@bonbolapti: Every entertainment industry is pretty much built on pandering. I mean, what's a better bet for profitable entertainment than something your audience is asking for? Luckily, that's a standard that's bound to change. There was a time before the Kieth Davids and Will Smiths of the world, when movies had white protagonists. Slowly but surely, tastes shifted enough that a minority actor could not only be profitable, but the most profitable.
It starts with smaller audiences that are open to new ideas, but those ideas eventually permeate the larger medium enough that the general audience willingly accepts them.
I think marketing is a huge factor here, and that a lot of the issues with how games are sold go back to that established general audience. Why scare away those dependable, 18-34 year old males with a female protagonist when they're your most consistent market? It's a similar issue to the constant sequalization of games; why risk money on something new when you can bank on what's worked before?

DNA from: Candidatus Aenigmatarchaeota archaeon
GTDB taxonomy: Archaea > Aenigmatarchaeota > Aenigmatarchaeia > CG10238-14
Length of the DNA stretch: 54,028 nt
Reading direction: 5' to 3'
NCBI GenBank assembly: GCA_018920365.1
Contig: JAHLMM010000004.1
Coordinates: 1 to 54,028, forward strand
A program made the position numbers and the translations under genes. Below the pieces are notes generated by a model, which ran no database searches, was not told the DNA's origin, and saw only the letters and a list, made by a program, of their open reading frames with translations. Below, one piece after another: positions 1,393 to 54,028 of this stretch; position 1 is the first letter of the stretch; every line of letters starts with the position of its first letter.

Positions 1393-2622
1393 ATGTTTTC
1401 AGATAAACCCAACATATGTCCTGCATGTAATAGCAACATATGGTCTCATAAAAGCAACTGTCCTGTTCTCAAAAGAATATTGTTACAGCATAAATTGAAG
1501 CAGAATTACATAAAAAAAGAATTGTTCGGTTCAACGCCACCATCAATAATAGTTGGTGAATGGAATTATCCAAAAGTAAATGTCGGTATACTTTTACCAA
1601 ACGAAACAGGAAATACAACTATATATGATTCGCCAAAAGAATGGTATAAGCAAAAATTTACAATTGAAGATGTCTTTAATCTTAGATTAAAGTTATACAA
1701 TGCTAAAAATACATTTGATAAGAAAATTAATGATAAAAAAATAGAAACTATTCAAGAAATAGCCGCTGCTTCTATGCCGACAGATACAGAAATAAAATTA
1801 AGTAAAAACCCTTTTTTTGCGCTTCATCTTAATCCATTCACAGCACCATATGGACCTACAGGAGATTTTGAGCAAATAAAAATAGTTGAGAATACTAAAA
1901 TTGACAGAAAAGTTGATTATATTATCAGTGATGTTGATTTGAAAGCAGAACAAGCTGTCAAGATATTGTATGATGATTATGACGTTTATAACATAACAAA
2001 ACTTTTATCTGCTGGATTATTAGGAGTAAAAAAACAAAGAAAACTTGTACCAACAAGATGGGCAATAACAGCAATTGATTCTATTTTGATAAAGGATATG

Because people get sick of what worked before. Eventually, even the general audience wants something new. Eventually, that something new will be a female protagonist in a game that crushes commercially. Unfortunately, the nearest current example I can think of is Tomb Raider, and I don't think that will be the game to shift general tastes. It still appears to be built on male power fantasies, after all.
Beyond Good and Evil could have been that game. Mirror's Edge could have been that game. That I can only come up with those two tired examples is a pretty bad sign, but that those games are "cult classics" or "niche properties" is worse.